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Human Rights: Home

Resources to help students gather information for their Activism Fair!

What are human rights?

"Human rights are rights inherent to all human beings, regardless of race, sex, nationality, ethnicity, language, religion, or any other status."

(United Nations)

"The Universal Declaration of Human Rights is a milestone document in the history of human rights. Drafted by representatives with different legal and cultural backgrounds from all regions of the world, the Declaration was proclaimed by the United Nations General Assembly in Paris on 10 December 1948"


The Universal Declaration of Human Rights contains 30 Articles outlining the basic human rights that all are entitled to. 

Here are several examples:

 Article 4: No one shall be held in slavery or servitude; slavery and the slave trade shall be prohibited in all their forms.

  Article 5No one shall be subjected to torture or to cruel, inhuman or degrading treatment or punishment.

Article 9No one shall be subjected to arbitrary arrest, detention or exile.



The videos below are just a small sampling of background information, campaigns, and human rights violations that are happening around the world. Check the links on the "Topic Ideas & Resources" page in this guide for more information.

The history of Human Rights:

The Story of Human Rights provides an overview of the history of human rights from its earliest development to current day.


Philippine police are falsifying evidence to justify unlawful killings in a “war on drugs” that has caused more than 7,000 deaths.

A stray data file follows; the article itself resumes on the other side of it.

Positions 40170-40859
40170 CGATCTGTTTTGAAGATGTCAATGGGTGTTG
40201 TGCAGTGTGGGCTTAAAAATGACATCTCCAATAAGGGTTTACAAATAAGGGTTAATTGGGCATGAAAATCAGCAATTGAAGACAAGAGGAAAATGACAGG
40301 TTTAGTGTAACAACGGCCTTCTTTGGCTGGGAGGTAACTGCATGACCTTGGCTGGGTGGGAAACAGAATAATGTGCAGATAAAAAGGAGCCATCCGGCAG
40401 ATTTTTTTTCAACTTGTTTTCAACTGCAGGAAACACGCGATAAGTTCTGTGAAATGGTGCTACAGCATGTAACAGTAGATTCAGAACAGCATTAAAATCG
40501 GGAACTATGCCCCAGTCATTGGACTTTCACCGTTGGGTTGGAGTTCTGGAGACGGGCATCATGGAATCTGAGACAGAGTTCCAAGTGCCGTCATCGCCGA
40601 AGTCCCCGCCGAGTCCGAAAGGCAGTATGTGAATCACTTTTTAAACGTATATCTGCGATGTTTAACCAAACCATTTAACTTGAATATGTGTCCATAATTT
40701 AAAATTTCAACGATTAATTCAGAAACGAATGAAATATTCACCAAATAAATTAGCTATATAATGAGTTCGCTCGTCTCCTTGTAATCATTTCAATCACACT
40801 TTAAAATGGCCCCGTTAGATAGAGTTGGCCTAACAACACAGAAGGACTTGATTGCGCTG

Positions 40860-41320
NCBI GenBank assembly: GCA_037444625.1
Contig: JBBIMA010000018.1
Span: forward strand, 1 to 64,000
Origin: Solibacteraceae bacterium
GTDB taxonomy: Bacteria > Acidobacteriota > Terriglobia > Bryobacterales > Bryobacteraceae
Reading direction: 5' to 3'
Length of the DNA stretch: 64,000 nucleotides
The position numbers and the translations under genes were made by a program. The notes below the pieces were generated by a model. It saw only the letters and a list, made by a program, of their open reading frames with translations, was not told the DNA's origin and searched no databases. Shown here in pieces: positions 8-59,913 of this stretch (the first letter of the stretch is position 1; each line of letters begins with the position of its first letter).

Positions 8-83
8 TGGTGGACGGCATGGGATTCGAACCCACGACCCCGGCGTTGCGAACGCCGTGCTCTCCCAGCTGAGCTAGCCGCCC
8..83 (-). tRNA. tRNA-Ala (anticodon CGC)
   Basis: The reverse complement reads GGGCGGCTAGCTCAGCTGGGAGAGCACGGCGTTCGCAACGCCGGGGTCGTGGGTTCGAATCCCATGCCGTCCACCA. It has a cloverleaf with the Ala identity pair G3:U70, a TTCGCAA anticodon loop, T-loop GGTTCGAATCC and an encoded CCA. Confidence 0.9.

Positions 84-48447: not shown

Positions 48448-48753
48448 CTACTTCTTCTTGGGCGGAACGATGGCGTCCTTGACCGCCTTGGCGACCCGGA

I Escaped North Korea. Here's My Message for President Trump:

A message about using power to address human rights violations.

Amnesty International: The power of unity

A short video about division vs. unity...

United States:

The system of money bail and pretrial detention  in the U.S.

Human Rights Watch (YOUTUBE CHANNEL):

The Universal Declaration of Human Rights:

This video takes viewers through the 30 articles found in the Universal Declaration of Human Rights.


The Afghan government is failing to protect tens of thousands of children, some as young as 5, from hazardous conditions in the workplace, in violation of Afghanistan’s labor laws. 


Survivors of acid violence in Cambodia are unlawfully denied free medical care and face pressure to accept inadequate settlements. The Cambodian government should enforce its laws that require legal, social, and medical support to survivors of acid attacks.

Human Rights Channel: 2014 Year in Review

2014 documentation of some of the human rights violations around the world...

North Korea:

“North Korea: Accounts from Camp Survivors” features interviews of North Koreans who survived years of abuse while incarcerated in political prison camps, including systematic use of beatings, food deprivation and starvation, and public executions, to control those held there.